Columbus, Ohio — Rick Barnes brought his 45 years of plastics experience to Columbus, where he detailed safety around injection molding machines at the Environmental Health and Safety Summit.
Barnes retired in 2015, then became a senior instructor at the Paulson Plastics Academy, which is part of Paulson Training Programs Inc. The plastics veteran said most minor injuries in factories come from four main primary causes: poor training, poor housekeeping, poor enforcement and poor maintenance.
In his presentation, Barnes looked at general machine safety: cuts from knives and sharp mold components; slips and falls from clambering over obstacles, climbing on equipment and oil and spilled resin; and burns.
Barnes showed a Paulson video that said the heating barrel is the hottest part of the injection molding press, ranging from 350°F-800°F, depending on the type of plastic being molded. Other hazard points include high-pressure areas like loose hydraulic hoses and hot runner plugs and mold plates, as well as electricity from wires coming off heater bands.
Barnes said employees must be trained and aware of pinch points that are in the clamp system, the injection unit and ejector plates in the mold.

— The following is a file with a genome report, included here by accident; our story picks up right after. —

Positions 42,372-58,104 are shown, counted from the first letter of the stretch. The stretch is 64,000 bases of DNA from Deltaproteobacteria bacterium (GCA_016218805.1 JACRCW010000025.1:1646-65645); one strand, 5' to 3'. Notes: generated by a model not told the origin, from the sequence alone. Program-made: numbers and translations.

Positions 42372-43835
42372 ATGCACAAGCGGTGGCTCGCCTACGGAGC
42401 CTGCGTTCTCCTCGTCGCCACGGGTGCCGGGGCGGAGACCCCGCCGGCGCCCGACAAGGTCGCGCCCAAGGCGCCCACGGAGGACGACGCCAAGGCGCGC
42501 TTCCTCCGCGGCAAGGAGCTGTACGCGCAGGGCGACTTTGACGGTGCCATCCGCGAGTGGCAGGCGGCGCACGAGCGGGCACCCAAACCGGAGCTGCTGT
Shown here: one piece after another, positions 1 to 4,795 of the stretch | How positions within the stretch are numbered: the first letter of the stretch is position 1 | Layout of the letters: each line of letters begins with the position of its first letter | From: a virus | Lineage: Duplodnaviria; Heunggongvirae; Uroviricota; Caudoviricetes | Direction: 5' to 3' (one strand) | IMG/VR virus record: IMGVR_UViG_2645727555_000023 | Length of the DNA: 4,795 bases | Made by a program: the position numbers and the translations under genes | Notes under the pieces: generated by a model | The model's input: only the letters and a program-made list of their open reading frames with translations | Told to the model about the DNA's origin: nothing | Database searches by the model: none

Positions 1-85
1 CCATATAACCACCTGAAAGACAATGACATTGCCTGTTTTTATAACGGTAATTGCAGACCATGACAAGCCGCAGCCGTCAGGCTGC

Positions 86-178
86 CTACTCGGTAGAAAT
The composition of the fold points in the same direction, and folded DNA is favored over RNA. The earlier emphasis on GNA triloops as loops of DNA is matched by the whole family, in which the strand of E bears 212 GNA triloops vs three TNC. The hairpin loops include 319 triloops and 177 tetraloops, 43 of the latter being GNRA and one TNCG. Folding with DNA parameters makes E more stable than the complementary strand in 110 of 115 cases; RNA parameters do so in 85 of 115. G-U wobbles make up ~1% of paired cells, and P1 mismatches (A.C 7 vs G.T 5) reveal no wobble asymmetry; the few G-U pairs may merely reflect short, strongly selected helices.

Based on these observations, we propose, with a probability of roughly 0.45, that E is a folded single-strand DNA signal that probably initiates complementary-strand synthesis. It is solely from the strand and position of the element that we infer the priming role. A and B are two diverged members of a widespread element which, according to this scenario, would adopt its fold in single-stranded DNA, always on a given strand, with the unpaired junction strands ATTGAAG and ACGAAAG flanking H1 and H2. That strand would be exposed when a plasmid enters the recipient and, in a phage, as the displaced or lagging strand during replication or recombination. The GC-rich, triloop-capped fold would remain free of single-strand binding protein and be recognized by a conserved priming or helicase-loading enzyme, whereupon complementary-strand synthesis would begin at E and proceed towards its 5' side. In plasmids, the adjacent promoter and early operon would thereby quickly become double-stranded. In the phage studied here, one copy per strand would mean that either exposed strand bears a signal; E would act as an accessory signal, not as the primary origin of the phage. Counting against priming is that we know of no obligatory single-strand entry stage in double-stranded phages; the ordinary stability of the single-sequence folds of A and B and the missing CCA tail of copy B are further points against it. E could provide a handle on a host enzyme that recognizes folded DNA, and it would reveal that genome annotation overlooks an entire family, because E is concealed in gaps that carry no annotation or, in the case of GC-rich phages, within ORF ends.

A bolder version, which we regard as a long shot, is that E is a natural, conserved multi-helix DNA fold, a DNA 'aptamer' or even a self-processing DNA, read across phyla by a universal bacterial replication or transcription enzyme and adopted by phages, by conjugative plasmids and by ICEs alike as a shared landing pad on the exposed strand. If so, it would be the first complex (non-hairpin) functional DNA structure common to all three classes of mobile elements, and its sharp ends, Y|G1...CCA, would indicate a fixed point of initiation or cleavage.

A big danger is reaching past or under the press safety guards, or failing to lockout and tag-out the machine before entering the mold area.
Improper cleaning of buildup of plastic from injection nozzles can cause leakage that over time creates a crusted-on residue nicknamed a "doughnut," or a "bonnet." He showed a photo of a guy burning off the material — a dangerous practice as it flames up.
Cuts are a common hazard, particularly at small molding shops, where parts get hand trimmed, Barnes said. Dull knives cause the worker to bear down more. That can cause lacerations. "Knives should be kept as sharp as possible at all times," he said. He added that a stainless-steel butcher's glove is the best protection for the hand holding the part.
A worker can get cut on sharp edges on equipment as well as some mold components. Barnes said the ejector pin should be retracted back into the mold before working on the tool.
"Ejector pins have very sharp edges and they are very small," he said. Sliding mold cores are perfectly square, so they have "razor-sharp edges," he added.
Removing a cold slug from a frozen nozzle should be treated with caution and proper safety gear, according to Barnes. There can be an explosion of built-up molten plastic.
Even compressed air hoses can be dangerous. Never drive a forklift over an air line, since it could rupture. And never use the hose to "clean yourself off," Barnes said, because you could accidentally bring the air across your ear and rupture an eardrum. He said the compressed air also could force dust into your skin, causing infections.
But he described something even worse, such as a deep scratch or shallow cut that can allow the compressed air to enter the skin, inflating the muscle underneath and causing excruciating pain.
In a factory, there are better ways to clean yourself off that won't risk turning your arm into one like Popeye's, Barnes said.